• Physicians did not read the medical record or did not communicate about a patient's aortic and pulmonary stenosis. This issue resulted in complications postoperatively and the patient's death. "In several cases, patients were known to have cardiac problems, but the surgeon did not receive the information prior to surgery," says Palmisano. "Some reports were filed before being reviewed by the surgeon."
In some cases, the problem was not identified in the pre-operative history and physical, or was not communicated by the referring physician. "There were situations where the patient's cardiac condition was documented in the patient's medical record, but was not read by the surgeon and not factored into the plan for surgery," adds Palmisano.
• Nurses observed elevated patient temperature but did not call the surgeon prior to discharging the patient, who later was found to be septic.
• Nurses notified a surgeon that the patient complained that they could not move their legs, and the surgeon delayed referring the patients to a neurologist. The patient suffered paralysis from an epidural hematoma.
• A patient's low sodium level was not communicated by the surgeon to the nephrologist, and the patient suffered stroke-like symptoms that were attributed to hyponatremia.
• A patient's abdominal pain was treated by a family physician, who failed to communicate to the surgeon that he was seeing blood following enemas. The patient died of sepsis due to a perforated bowel.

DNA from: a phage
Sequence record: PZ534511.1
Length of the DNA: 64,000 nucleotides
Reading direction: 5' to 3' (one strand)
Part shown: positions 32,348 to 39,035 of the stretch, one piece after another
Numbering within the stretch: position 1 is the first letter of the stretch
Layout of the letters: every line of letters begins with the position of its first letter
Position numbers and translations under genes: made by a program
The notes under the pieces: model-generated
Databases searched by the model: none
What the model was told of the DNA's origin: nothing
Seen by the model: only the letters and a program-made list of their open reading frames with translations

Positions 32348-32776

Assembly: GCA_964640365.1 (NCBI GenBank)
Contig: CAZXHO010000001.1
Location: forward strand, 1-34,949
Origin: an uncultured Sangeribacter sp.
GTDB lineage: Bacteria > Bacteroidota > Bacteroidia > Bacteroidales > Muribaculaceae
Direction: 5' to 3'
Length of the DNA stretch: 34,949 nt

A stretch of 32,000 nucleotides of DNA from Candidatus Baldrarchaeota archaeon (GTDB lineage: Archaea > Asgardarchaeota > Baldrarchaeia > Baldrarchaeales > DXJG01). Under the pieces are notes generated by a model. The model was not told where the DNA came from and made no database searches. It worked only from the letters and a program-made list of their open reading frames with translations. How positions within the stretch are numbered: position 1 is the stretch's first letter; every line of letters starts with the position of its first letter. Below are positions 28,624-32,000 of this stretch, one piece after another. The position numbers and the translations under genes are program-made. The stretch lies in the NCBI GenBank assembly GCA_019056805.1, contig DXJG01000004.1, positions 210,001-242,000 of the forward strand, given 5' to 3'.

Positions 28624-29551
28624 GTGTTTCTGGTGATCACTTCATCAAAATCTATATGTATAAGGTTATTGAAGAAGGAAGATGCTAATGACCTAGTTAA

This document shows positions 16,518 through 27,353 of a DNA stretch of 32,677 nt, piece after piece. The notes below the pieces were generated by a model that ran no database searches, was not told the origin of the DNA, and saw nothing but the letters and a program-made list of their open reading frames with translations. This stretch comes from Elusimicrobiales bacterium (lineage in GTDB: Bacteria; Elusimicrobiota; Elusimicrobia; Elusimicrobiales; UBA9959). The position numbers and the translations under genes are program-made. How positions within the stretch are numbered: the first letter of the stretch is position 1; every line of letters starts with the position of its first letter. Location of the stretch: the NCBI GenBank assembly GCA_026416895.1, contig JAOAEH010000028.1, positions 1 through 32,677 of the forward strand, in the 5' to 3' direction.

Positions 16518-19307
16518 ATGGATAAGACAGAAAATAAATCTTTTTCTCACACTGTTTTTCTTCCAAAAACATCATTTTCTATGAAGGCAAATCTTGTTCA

In this case, the patient presented to the emergency department with abdominal pain, and the emergency physician ordered a surgical consult. The surgeon examined the patient and found guarding, hypoactive bowel sounds, and impacted fecal material. An enema was ordered, but no diagnostic tests were ordered. The patient was admitted to the hospital.
"The patient continued to have pain, so the family practice physician ordered another enema. No fecal material returned, but blood was seen in the enema fluid," says Palmisano. "The family physician attempted to contact a surgeon, without success."
The patient's pain was intense and treated with morphine, but no other attempts to reach the surgeon were made throughout the night. The following morning, the surgeon ordered an X-ray. "The interpretation was perforated viscous with significant free air. The surgeon took the patient to surgery and found a perforated sigmoid colon with fecal peritonitis," says Palmisano. "The patient later expired from septic shock."